Because they were State-sponsored and funded, media in the Arab world, had not reached the point where they should be, he said. That did not mean that media in the United States were much better since they were also sponsored, albeit by the country’s corporations. Although press freedom was in danger around the globe, socio-economic development in the United States allowed a much freer and stronger civil society. Indeed, the lack of a strong civil society was the “number one” problem in the Arab world. There was much room for improvement. “We can help these Middle East journalists by not only speaking up, but by deepening the dialogue between academics and journalists.”
During the interactive portion of the discussion, the panellists fielded questions on the death of newspapers due to the rise of blogging and the blogosphere’s polarizing effect vis-à-vis its audience; how Arab media covered radicalism, in general, and suicide bombings, specifically; and the experience of women journalists in Muslim societies, among other topics.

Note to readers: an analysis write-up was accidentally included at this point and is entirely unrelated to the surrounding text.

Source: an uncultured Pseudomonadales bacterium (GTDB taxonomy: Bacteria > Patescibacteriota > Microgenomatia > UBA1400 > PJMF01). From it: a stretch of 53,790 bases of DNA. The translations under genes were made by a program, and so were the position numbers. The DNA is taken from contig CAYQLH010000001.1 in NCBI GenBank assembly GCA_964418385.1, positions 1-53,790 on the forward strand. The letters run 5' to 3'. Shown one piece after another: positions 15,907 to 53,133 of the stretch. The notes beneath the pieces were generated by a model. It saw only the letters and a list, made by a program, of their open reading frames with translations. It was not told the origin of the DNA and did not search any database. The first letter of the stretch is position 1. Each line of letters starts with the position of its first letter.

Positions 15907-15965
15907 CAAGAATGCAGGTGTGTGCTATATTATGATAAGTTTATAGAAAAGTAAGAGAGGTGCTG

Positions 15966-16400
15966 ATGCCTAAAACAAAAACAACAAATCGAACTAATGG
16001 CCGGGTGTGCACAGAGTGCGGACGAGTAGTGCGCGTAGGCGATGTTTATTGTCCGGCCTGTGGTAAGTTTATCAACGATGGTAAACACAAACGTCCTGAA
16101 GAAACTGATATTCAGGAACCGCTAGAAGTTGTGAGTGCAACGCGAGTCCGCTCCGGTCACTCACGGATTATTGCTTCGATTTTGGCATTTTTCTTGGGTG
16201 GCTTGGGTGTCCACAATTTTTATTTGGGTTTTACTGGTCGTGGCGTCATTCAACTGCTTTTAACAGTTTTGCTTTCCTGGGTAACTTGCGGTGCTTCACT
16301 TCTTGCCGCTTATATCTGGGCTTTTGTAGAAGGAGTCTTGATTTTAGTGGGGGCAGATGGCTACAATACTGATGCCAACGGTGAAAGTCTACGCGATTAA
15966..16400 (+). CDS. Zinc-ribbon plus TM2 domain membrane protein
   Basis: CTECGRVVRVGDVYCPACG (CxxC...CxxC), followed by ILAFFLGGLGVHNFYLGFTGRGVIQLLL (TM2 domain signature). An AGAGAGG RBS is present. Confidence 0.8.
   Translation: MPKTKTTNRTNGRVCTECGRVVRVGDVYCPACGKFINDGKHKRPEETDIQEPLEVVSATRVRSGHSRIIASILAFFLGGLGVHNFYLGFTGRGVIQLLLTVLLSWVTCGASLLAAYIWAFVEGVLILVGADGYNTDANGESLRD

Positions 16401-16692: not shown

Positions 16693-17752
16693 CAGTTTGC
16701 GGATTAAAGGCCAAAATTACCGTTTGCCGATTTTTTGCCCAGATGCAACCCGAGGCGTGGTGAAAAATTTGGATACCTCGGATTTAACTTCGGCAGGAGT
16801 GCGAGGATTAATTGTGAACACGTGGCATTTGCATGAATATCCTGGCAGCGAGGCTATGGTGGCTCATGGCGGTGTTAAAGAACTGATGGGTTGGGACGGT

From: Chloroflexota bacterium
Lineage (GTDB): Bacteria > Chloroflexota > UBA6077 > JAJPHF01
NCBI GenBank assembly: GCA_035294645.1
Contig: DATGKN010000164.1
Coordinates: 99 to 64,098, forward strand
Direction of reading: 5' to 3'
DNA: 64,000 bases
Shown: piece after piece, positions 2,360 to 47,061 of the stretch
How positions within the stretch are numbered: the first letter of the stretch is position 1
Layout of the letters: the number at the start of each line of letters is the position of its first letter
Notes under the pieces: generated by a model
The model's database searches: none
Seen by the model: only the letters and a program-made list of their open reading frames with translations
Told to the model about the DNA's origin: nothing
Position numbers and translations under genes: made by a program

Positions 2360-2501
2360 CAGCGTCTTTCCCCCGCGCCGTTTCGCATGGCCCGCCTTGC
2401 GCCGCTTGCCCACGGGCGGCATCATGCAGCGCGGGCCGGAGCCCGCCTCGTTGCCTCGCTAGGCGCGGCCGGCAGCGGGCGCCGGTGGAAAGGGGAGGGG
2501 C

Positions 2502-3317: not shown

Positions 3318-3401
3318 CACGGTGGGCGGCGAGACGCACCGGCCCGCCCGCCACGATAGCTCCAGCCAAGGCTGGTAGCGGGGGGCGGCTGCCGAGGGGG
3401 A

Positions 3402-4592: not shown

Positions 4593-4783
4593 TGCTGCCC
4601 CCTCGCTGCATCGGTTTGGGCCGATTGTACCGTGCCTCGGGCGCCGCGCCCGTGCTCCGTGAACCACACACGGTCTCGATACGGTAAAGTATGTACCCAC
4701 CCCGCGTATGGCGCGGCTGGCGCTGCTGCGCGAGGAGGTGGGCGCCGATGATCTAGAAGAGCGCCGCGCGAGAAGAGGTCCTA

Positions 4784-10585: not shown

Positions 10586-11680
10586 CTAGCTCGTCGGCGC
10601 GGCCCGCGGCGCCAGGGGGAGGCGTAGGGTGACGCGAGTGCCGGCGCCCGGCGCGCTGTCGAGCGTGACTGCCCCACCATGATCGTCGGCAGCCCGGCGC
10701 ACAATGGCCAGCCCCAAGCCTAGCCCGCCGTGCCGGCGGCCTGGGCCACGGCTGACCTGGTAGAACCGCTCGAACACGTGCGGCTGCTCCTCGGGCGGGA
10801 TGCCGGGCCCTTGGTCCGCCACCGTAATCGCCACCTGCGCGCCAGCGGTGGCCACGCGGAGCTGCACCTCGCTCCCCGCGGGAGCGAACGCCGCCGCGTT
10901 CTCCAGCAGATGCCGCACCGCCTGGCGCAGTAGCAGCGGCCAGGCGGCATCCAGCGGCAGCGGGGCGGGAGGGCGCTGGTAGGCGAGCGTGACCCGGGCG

Ms. Mubarak responded by stressing that newspapers and new media like blogs often worked symbiotically, but the influence and reach of new media was growing. Mr. Dayem, citing research by the Committee to Protect Journalists, said 2008 had been the first year in which online reporters had been imprisoned more than those working in other outlets.